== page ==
Daniel Givens, the Associate Dean for Academic Affairs at Auburn University’s College of Veterinary Medicine, performed undergraduate studies at Western Kentucky University before obtaining a D.V.M. degree from Auburn University in 1994. After two years of clinical practice in central Kentucky, Dr. Givens earned a Ph. D. degree from Auburn University and completed a clinical residency that culminated in board certification in the American College of Theriogenologists—recognizing his clinical expertise in animal reproduction. He then achieved board certification in the American College of Veterinary Microbiologists (virology subspecialty) while performing NIH-funded, post-doctoral research. Since 2000, Dr. Givens’ efforts in applied research regarding infectious diseases that affect reproduction of cattle have resulted in over 85 peer-reviewed scientific manuscripts, five book chapters and two international patents. Simultaneously, for his classroom lectures in basic sciences as well as clinical instruction in the large animal teaching hospital, Dr. Givens received six teaching awards since 2007. Dr. Givens passionately enjoys opportunities to investigate, apply and discuss factors that impact animal health and disease and factors that impact the competency of graduating veterinarians.

Control of Bovine Reproductive Pathogens
Bovine reproductive pathogens can cause infertility, early embryonic death, mummification of fetuses, abortions, or the birth of weak or malformed calves. The objectives of this session are to develop a thorough differential list, diagnostic plan, and control plan for causes of reproductive loss in cattle.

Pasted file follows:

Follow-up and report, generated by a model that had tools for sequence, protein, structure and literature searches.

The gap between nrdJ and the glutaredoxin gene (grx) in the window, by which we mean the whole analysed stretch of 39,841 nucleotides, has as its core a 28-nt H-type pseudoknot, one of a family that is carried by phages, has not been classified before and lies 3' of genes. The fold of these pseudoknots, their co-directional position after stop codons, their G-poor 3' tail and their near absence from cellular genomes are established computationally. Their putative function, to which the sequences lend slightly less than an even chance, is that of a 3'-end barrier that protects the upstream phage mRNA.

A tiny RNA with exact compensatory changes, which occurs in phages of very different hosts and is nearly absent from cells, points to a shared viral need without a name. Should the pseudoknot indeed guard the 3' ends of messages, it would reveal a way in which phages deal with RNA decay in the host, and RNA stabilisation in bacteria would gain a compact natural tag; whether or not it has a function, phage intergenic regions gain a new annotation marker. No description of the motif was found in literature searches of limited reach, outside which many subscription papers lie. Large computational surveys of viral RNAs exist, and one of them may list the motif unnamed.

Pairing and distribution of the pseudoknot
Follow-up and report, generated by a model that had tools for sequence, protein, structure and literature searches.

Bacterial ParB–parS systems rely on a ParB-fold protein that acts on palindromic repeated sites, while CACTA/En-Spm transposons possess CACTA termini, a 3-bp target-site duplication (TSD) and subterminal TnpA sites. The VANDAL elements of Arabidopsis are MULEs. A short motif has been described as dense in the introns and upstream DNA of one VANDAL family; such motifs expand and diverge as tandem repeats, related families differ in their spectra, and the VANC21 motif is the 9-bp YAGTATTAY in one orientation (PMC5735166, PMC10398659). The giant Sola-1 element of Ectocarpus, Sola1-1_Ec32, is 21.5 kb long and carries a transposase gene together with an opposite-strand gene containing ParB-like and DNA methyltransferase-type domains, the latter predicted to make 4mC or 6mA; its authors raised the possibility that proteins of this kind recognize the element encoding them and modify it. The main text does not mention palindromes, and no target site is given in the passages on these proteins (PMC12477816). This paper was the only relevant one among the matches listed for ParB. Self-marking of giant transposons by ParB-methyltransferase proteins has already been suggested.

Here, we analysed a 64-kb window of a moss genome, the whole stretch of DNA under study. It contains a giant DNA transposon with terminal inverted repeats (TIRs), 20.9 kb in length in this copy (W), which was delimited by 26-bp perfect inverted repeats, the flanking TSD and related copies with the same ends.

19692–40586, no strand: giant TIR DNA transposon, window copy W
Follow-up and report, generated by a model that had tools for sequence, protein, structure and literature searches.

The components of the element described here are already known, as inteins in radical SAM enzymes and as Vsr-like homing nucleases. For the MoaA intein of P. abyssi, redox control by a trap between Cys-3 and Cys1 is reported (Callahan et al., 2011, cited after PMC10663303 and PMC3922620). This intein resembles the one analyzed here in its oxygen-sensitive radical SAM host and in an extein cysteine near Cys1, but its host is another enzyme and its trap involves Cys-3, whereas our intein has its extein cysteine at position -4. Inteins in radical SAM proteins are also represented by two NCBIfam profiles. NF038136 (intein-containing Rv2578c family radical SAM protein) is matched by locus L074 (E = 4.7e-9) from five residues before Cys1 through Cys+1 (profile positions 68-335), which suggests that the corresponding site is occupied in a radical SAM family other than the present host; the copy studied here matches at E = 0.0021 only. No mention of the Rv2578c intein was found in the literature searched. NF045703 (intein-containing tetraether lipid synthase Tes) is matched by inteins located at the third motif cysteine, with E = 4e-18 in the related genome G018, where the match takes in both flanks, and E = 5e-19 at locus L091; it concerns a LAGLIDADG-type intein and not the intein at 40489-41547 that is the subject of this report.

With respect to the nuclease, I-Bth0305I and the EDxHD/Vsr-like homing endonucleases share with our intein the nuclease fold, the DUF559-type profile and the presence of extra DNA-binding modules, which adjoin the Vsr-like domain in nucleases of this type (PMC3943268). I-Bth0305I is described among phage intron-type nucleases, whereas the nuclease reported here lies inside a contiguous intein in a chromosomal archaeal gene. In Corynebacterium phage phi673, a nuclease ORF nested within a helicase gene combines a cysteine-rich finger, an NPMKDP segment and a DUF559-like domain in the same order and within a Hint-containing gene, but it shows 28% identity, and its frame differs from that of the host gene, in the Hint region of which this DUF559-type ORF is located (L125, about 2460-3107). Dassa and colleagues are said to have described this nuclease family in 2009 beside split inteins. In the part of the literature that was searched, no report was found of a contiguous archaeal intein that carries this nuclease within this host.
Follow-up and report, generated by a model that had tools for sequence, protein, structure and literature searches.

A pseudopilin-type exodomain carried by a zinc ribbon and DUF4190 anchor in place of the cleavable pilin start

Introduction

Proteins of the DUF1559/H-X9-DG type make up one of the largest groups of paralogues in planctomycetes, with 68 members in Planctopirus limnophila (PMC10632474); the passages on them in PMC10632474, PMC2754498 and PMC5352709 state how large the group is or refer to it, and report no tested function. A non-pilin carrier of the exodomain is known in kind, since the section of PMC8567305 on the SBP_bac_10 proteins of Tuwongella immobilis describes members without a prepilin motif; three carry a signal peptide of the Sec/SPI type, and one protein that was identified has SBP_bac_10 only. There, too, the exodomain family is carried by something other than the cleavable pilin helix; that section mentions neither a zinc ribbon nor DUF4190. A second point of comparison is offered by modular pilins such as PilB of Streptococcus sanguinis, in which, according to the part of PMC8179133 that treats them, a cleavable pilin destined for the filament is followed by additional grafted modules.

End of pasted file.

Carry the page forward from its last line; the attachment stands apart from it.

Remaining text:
Does MLV Administration to Heifers or Cows Lack Substantial Risk?
Attendees will be able to characterize and quantify the risks associated with administration of modified live vaccines (MLV). Consideration will be given to (a) the risk causing temporary infertility in cycling heifers or cows, (b) the risk of stimulating abortion, and (c) the risk of failing to protect the fetus from viral exposure of the pregnant cow.

Diagnosing, Differentiating, and Managing Infections with BVD Virus
Attendees will be able to diagnose and differentiate various infections in cattle resulting from bovine viral diarrhea virus. Once the type of infection is determined, appropriate management to control BVDV while mitigating the constraints on production will be discussed.

Systematic Large-Scale Programs to Control BVD Virus
Successful methods to control BVDV within a large production unit, state, or nation bear some key similarities. The goal of this session is to enable attendees to effectively develop and manage systemic control programs for BVD on large operations.


Brooke Pace, DVM, MS

Team Lead, Livestock/Equine Veterinary Services, Veterinary Medical Information and Product Support, Zoetis, Exton, Pennsylvania